What White People Think, a new portrait series by Kathleen Dreier, is a call of action to recognize our responsibility to be proactive social change agents.
“I grew up in a completely white world (Germany), not knowing anything about other races or racism, though I now realize how much my culture was really determined by racism, probably until today, especially if I think of the typical children’s book with their terribly stereotypical portraits of Africans. As a teenager, however, I once happened to read a short story by Langston Hughes illustrating American racism, in contrast to the situation in Paris, France, and was so moved by it that I recommended it to my father, a high school teacher of German literature, who, I believe, in fact accepted this text as an assignment for his own students. I was amazed about this and felt proud about myself.
My first encounter with Black Americans took place when I was an exchange student in Millersville, PA, from 1979 to 1980, and I had no problems engaging with everyone irrespective of their skin colors. In 1984, I began to study for my Ph.D. at the University of Virginia, and one of my most treasured professors was a Black American. In the meantime, I had married my Japanese-American wife that same year, and I have ever since worked hard to combat racism wherever I have encountered it.
I am a professor at the University of Arizona now, and I have had many students in my classes of different races. I try very hard to practice what I am preaching about tolerance and the dangers of racism, and I have published numerous scholarly articles and books on toleration and tolerance, at least in the Middle Ages.
But, I am a white male American now, and enjoy all the privileges of a white person, never having to fear cat calls, disapproval because of my skin color, or disadvantages in publishing my research. Yet, I see racism at many different places and times, and then I speak up, I embrace my colleagues, neighbors, friends of all colors, and I make every possible effort to treat all my students with fairness and justice for all.
Since the wave of police murders of black people has surged, I have become very suspicious of our police, though I still believe that they can be trusted overall. There are, however, many ‘black’ sheep (pardon my pun), both among the police officers and our politicians/bureaucrats.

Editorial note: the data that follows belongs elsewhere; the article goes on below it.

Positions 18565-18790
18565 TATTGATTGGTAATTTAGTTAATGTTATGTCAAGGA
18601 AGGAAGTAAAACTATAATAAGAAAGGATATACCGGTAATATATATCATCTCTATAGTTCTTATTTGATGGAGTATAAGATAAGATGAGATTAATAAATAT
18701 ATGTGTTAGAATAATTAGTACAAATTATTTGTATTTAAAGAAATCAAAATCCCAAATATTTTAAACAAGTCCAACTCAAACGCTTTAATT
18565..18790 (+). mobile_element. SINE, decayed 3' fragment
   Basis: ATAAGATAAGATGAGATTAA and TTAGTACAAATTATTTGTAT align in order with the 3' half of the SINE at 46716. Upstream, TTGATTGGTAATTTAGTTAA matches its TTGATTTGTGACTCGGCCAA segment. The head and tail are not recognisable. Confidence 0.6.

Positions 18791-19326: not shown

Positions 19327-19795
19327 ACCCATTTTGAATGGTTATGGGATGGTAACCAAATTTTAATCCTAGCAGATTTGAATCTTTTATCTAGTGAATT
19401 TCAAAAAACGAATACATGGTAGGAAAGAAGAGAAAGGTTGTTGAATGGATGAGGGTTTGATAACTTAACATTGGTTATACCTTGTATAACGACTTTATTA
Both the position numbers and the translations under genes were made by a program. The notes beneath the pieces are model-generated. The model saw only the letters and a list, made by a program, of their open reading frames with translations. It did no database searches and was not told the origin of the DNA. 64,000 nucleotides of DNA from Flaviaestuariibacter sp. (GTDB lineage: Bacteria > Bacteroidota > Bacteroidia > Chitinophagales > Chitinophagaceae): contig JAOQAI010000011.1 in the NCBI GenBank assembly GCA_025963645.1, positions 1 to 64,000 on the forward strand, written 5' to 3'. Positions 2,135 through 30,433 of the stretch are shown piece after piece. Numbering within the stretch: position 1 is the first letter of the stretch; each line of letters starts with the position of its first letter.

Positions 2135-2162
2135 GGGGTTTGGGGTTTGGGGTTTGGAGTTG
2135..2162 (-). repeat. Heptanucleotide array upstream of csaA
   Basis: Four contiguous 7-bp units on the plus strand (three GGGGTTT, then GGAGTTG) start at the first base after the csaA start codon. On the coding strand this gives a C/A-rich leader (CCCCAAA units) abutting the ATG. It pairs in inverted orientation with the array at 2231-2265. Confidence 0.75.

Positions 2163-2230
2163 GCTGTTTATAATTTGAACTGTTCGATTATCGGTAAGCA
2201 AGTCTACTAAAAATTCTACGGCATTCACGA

Once, I experienced an almost traumatic encounter with a police officer, and I am sure that it could have ended in me being killed if I had not been white. It was late November, I had worked until ca. 11 p.m., and when I wanted to go home, my bicycle tire was a bit flat. So I took out my hand-held pump and worked on the bike. The next moment, I saw, out of the angle of my eye, a police car coming to a screeching stop in the alley next to our office building. The tall white police officer jumped out and basically threw himself upon me, yelling to drop it, whatever I might have in my hand. He thought that I was trying to steal a bike. I fell backwards, I was shocked, trembled, and terrorized. Of course, the young officer quickly backed up when he realized his mistake, and he actually apologized, but it was very hard for me to calm down after this incidence. In fact, I later complained to the police about this, but I did not know the police officer’s name, so nothing came off it. If I had been black, I am sure, I would have been thrown down, handcuffed, if not been shot to death. Indeed, George Floyd’s murder deeply resonates with me, and all the other murders of Black Americans committed by police officers across the country. We need police, of course, but not officers who quickly resort to firearms and kill indiscriminately, or simply because they are racists.
One of the most important tasks that I have as a white person is, I believe, to speak up when I observe racism, to oppose racism whenever it might rear its head, and practice publicly and privately anti-racism to the fullest extent possible. To what extent I am really successful in that I cannot tell since I live, by default, in such a white world. I have friendly relationships with my Black American colleagues, such as in Africana Studies, but our contacts are not extensive. However, only recently, our Department of German Studies hired a Black colleague, finally, and we have a number of Black M.A. and Ph.D. students. Academia is changing, thank God, also in terms of race relationships.”